Curtis Harding – Face Your Fear
Curtis Harding – ‘Face Your Fear’ is out! (Anti- Records)
I’m wild about Curtis Harding’s new album Face Your Fear. The album is soul, but not what you think. It’s punk, but not what you think. It’s psychedelic, but …
Curtis Harding caught my attention when he released his debut album, Soul Power, in 2014. I loved it: strong guitars and soul. It rattled in a most charming way, in the style of classic soul from the seventies, but performed in a garage. The single ‘Keep On Shining’ was a wonderful upbeat soul cracker with bone-dry drums, which made it a hit on several radio stations.
As soon his new album, Face Your Fear, was available, I bought it straight away . Now I’m playing it in loop. Over and over. I’m pretty wild about it. Why? I’m thinking he’s taken it to another level. It’s got soul, it’s got punk, it’s got rock and roll. Furthermore, it’s old and it’s new.
Hard times for soul lovers
These are hard times for soul lovers. Many original soul artists are gone. Old-school soul veterans Sharon Jones and Charles Bradley passed away earlier this year. Some soul veterans experimented at the end of their career with new electronic sounds, like Bobby Womack (‘Bravest Man In The Universe’ or with The Gorillaz ‘On Plastic Beach’ or ‘The Fall’) and Gil Scott Heron (I’m New Here).
Fans of soul like me can rely on younger artists to keep the soul flame alive. We have Michael Kiwanuka, Ben L’Oncle Soul (in France), Leon Bridges, Eli “Paperboy” Reed, … They are all doing a fantastic job, I love them all. But being a contemporary soul artist is challenging: to create soulful music, with the power of the great examples, and at the same time create something new and exciting, music that applies to the world today.
Challenging times for soul artists
Some of the younger generation musicians succeed wonderfully well in experimenting with soul or soul elements. They let the genre breath and expand, ending up with a wonderful new style, sometimes not even soul in the strict sense (I need a definition of “soul” here!…) or let’s say not in the old school style soul. Listen to Valerie June blending soul, country, folk and blues in a singer-song writer tradition. Listen to the eccentric artist Benjamin Clementine who melts elements of soul, classical music, french chanson with expressive poetry. He himself is horrified by being called a soul singer, which is understandable listening to his music, but no question about it: he’s got soul.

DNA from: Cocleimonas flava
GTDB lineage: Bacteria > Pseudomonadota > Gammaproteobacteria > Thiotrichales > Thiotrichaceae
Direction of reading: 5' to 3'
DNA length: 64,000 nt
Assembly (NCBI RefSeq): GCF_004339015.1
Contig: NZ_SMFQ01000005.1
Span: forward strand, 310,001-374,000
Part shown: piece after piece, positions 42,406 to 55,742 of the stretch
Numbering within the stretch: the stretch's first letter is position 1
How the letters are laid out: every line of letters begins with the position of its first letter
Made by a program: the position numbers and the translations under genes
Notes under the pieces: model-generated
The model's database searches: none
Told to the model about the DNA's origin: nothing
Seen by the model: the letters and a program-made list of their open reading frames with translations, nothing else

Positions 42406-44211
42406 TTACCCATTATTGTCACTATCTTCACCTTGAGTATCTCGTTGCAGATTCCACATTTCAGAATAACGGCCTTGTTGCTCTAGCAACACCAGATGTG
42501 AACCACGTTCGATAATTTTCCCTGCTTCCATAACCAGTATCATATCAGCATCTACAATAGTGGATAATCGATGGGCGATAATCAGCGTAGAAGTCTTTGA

What is soul?
Back to Curtis Harding. His definition of soul is this:
“Soul is an experience. It can be in the way you dress, the way you talk, the way you sit down in a chair. It’s a feeling that you can translate to someone with whatever you’re doing.”
Oxygen for the soul
With his second album, Curtis Harding looks for fresh oxygen to put in his soul music being true to himself, continuing the soul time line. And boy, did he succeed.
Face Your Fear opens with the song ‘Wednesday Atonement‘, in which we can hear Curtis Harding’s falsetto voice. The song could have come from a soundtrack by Curtis Mayfield. His new songs are influenced by authentic blues and soul. This album has a rootsy, unpolished groovy sound. The breakbeats come straight from the sixties, the organs are funky and the rhythm guitars sound rusty in a good way.
Curtis Harding is allergic to modern production tricks. This benefits Face Your Fear. Take for example the uptempo funk with the rattling percussion in ‘On & On‘: pumping and streaming, with echoing backing vocals and overdriven brass instruments. Wonderful.
“I want to bring the soul genre to other places without ever denying the basis.”, announced Harding in interviews. Listening to his songs, I understand what he means. ‘Dream Girl’, a hallucinogenic pop song, and then analogue synths and stubborn funk. ‘Welcome To My World’ also has a psychedelic touch: a cheesy acoustic guitar and a experimental rhythm section ready to travel in space. Wow.
‘Go As You Are’ has got this greasy reverberating wahwah-guitars and an almost classic funky bass line. ‘Need My Baby’ sounds old school and new at the same time, as if it’s retro song that is updated.
Harding also shows us he’s an all-round singer and a writer of inspiring lyrics. He shows us he’s an all-round singer and a writer of inspiring lyrics. “Hey mother, I’ve been saving/ Working here all alone/ Trying to build a happy home/ So most people are never given/ A second chance to be a better man maybe”, Harding sings in ‘Wednesday Morning Atonement’. Face Your Fear could be his ticket to the A-class. Message to the music industry: Curtis Harding is a hugely interesting artist who can bring the soul genre out of the dusty cabinet and into the 21st century.
It was a wait of 3 years, but it it was well worth it. Strings and brass, fuzzy guitars, derailed synth lines, a soulful voice with a punky scratch, nicely decorated with weird edges here and there. Nice job.
Already looking forward to his next album. No pressure, Curtis.
Have a listen
Listen here to the full album stream of ‘Face Your Fear‘ by Curtis Harding: